Influence of demographic and IQ variables on data-driven groups
There was a significant effect of age on data-driven groups (F3,172 = 13.1, p < 0.0001), due to a younger age, on average, among Group 3 participants compared to all other groups (Fig. S3a). There was also an effect of IQ (F3,132 = 4.5, p = 0.005) and sex (X2 = 17.0, p = 0.0007) on data-driven groups (Table S2), due to higher IQ in Group 1 compared to all other groups and proportionally more females in Groups 1 and 2 compared to Groups 3 and 4 (Fig. S3b, c). However, differences between groups on top ranking features were consistent across age and IQ when the effects of the other and sex were regressed out as presented in Fig. 2, and no group-by-age, -sex or -IQ interaction effects were shown after FDR correction for any feature. There were two significant group-by-IQ interaction effects among top contributing features before correction in left middle temporal cortical thickness (F3,126 = 4.9, p = 0.003, η2 = 0.06) and left pars orbitalis cortical thickness (F3,126 = 2.9, p = 0.04, η2 = 0.05) (Fig. S4).
Comparison of top contributing features between data-driven vs. NDD groups
One-way ANCOVAs showed a significant main effect of group (FDR-corrected p < 0.05) across top ranking model features (i.e., top 35), after accounting for the effects of age, sex and IQ (see Table 2, Fig. 2). Top features included 32 measures of cortical thickness, 2 behavioral measures and 1 subcortical volume measure (right pallidum), and with the exception of the SWAN inattention score (where effect size was much smaller), top ranking SNF features were not different between NDD groups. Further, there were no significant differences between NDD groups on any of the brain features included in the SNF analysis; effect sizes were typically smaller in NDD relative to data-driven groups by ten-fold (or more) (Table 2).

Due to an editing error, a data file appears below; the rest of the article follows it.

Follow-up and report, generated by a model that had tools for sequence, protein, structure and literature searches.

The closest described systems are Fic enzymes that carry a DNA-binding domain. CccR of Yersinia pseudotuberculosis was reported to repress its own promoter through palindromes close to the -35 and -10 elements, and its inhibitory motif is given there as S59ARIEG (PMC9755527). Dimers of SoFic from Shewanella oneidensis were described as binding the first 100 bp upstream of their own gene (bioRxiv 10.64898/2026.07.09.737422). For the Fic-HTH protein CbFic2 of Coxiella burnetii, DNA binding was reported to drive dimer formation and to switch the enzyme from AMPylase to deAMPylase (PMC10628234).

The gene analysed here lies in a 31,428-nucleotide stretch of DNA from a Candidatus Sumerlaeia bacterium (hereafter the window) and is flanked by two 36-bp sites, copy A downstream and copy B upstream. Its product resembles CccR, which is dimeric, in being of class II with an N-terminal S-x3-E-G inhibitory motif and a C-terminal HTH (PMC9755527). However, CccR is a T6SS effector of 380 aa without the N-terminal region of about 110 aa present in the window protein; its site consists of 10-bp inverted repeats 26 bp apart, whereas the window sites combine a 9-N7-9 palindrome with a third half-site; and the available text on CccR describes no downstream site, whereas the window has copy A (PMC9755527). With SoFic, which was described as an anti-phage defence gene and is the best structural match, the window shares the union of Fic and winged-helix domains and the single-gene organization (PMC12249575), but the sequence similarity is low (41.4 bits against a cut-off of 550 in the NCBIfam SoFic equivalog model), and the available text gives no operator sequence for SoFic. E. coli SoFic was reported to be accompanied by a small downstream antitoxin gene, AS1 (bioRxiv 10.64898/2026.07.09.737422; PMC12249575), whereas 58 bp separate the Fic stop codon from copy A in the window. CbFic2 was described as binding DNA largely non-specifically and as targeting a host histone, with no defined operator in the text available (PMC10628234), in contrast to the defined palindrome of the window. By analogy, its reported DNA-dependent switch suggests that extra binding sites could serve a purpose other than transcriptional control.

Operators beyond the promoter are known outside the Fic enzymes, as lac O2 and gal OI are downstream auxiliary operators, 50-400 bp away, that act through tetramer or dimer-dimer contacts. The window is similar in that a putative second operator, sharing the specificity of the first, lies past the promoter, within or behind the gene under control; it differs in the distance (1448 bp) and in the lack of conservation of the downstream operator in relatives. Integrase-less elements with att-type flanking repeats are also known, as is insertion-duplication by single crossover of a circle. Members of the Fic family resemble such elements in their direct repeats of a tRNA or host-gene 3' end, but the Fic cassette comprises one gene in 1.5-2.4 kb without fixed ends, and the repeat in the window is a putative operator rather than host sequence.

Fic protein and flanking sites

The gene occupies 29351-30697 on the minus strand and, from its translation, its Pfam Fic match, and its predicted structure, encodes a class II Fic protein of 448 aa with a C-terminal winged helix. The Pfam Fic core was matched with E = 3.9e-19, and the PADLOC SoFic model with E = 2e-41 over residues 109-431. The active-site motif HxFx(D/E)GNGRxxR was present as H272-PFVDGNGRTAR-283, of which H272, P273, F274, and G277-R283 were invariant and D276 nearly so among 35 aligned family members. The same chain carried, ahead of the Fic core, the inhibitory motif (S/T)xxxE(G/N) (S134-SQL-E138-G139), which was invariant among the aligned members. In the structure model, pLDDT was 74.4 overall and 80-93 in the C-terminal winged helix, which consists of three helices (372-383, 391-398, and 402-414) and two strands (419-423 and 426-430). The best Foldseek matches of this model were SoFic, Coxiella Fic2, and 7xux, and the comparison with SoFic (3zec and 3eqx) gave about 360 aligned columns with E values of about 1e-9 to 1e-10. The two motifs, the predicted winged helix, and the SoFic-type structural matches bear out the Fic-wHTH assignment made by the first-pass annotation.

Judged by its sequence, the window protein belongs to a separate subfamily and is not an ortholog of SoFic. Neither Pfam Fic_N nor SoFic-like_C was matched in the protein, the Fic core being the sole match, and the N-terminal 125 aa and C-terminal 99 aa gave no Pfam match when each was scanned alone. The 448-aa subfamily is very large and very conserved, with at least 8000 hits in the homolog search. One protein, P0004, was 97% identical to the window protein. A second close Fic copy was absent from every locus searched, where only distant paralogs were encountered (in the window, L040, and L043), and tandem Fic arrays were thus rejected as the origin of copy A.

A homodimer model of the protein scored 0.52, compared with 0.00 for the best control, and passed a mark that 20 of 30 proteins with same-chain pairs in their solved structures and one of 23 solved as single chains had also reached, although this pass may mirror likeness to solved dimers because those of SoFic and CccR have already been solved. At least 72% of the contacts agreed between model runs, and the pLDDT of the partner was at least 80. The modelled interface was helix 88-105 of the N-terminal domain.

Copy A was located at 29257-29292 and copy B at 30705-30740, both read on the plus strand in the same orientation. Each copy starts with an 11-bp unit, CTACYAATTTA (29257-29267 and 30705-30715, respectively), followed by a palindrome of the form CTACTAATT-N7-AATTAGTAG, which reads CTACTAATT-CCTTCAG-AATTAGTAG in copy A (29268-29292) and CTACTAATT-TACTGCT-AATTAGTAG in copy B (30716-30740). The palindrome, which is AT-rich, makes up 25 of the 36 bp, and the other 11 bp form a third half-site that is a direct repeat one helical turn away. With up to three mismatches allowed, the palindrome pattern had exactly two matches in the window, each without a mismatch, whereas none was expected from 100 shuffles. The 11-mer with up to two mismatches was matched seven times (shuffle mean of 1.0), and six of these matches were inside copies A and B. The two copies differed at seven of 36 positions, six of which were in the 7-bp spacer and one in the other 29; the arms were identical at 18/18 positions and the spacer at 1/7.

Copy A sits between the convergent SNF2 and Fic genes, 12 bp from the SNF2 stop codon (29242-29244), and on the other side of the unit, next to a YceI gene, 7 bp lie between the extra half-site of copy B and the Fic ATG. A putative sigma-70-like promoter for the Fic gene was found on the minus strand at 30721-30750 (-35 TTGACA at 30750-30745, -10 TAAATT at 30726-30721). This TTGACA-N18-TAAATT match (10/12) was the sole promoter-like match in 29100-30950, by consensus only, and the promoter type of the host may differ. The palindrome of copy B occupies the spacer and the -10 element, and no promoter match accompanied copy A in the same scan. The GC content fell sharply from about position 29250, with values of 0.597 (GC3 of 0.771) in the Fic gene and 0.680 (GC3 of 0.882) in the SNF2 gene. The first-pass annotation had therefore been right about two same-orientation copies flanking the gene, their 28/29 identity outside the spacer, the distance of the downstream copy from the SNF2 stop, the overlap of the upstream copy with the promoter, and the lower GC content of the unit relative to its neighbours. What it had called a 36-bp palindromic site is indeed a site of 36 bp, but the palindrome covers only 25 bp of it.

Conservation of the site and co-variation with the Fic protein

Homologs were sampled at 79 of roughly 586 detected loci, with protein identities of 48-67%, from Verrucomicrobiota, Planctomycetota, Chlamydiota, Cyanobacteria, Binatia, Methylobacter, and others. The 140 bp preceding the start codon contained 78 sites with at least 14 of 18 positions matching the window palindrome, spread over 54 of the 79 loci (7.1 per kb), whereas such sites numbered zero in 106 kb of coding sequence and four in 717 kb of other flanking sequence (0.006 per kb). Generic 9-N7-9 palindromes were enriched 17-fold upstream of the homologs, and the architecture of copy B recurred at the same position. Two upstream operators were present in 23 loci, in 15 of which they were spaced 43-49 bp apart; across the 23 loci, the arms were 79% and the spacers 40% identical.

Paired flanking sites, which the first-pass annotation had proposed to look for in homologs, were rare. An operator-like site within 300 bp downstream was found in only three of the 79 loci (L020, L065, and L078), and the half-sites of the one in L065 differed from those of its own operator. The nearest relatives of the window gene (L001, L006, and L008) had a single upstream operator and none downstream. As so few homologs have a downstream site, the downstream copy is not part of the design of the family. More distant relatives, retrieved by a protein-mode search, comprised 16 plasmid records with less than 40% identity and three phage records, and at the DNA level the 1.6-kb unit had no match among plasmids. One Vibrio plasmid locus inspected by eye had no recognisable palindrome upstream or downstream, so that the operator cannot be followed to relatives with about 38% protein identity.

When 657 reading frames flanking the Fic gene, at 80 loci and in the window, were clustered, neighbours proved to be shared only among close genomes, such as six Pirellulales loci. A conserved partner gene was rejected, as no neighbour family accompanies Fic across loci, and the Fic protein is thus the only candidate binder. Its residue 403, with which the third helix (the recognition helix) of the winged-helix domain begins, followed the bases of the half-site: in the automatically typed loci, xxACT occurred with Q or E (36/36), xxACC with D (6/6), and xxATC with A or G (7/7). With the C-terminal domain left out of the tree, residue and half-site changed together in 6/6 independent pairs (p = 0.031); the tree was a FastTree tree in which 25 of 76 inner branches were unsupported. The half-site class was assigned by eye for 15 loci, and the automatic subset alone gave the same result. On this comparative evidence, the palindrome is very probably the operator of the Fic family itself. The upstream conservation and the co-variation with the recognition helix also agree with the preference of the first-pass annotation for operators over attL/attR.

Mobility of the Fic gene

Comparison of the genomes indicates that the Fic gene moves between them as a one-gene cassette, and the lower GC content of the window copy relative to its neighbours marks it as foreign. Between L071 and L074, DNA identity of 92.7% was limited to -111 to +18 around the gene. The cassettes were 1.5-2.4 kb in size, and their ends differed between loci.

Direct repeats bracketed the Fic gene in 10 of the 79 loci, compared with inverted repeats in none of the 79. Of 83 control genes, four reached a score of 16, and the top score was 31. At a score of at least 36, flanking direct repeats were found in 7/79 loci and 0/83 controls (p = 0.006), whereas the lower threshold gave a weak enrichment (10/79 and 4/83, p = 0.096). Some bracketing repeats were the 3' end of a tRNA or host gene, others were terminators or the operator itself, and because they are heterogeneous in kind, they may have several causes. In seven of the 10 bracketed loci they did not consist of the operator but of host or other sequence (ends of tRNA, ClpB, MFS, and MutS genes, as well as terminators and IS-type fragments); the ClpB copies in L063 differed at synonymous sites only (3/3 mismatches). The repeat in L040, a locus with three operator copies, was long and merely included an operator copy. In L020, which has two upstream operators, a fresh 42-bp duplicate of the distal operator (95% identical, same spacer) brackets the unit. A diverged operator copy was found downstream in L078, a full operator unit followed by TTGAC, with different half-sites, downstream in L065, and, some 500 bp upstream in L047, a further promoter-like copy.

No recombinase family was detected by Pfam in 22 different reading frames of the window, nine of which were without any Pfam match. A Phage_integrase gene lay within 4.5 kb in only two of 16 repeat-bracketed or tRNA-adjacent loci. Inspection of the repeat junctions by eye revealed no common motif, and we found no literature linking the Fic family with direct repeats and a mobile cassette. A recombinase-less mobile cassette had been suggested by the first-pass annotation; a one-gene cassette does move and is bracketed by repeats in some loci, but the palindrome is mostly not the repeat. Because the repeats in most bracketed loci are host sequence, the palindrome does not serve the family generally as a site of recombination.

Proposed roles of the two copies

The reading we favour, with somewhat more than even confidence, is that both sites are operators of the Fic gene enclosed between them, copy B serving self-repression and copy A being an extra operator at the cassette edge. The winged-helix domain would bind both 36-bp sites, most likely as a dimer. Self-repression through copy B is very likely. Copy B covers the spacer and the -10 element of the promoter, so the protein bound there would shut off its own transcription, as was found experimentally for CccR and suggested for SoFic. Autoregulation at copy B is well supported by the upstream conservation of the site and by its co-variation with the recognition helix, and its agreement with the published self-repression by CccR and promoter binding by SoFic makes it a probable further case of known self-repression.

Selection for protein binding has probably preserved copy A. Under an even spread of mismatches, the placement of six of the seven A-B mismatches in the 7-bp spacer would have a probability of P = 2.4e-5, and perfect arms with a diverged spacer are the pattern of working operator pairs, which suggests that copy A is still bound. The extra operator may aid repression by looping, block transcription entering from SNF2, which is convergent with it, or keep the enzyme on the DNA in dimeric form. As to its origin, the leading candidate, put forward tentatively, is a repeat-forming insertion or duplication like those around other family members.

Follow-up Tukey comparison tests (Table S3) examining data-driven group differences on top contributing model features indicated that compared to other groups, Group 2 consistently featured significantly lower cortical thickness across regions with top NMI scores (e.g., right pars triangularis, F3,129 = 20.3, p = 1.06e–9, η2 = 0.32) compared to Groups 1, 3 and 4 (Fig. 2 and Fig. S5). Group 2 (n = 54), consisted of more children with ADHD (n = 29) than ASD (n = 18), and fewer OCD (n = 7). In contrast, Group 3 (n = 41) had the highest cortical thickness relative to other groups and was comprised mainly of children with ASD (n = 24), a sizeable minority with ADHD (n = 14), and few with OCD (n = 3), and was male dominant. Group 4 (n = 48) included predominantly children with ASD (n = 31), with a sizeable minority of ADHD (n = 12), and fewer children with OCD (n = 5), and was male dominant. Group 4 featured significant decreases in right pallidum volume compared to Groups 2 and 3 (F3,129 = 8.02, p = 0002, η2 = 0.15). Group 1 (n = 33) was comprised mainly of children with OCD (n = 24), fewer with ASD (n = 8) and one with ADHD, and featured lower SWAN inattention (F3,129 = 16.0, p = 3.46e−8, η2 = 0.27) and hyperactivity/impulsivity scores (F3,129 = 7.8, p = 2.35e−4, η2 = 0.15) compared to all other groups. Further examination of symptom scores indicated that ASD participants that clustered into Group 1 tended to have lower social communication impairment scores on the SCQ than ASD participants that clustered into Groups 2, 3 and 4 and higher obsessive-compulsive symptoms than ASD participants that clustered into Groups 2 and 3 (see Fig. S5). Notably, cortical thickness and subcortical measures in Group 1 were neither highest nor lowest.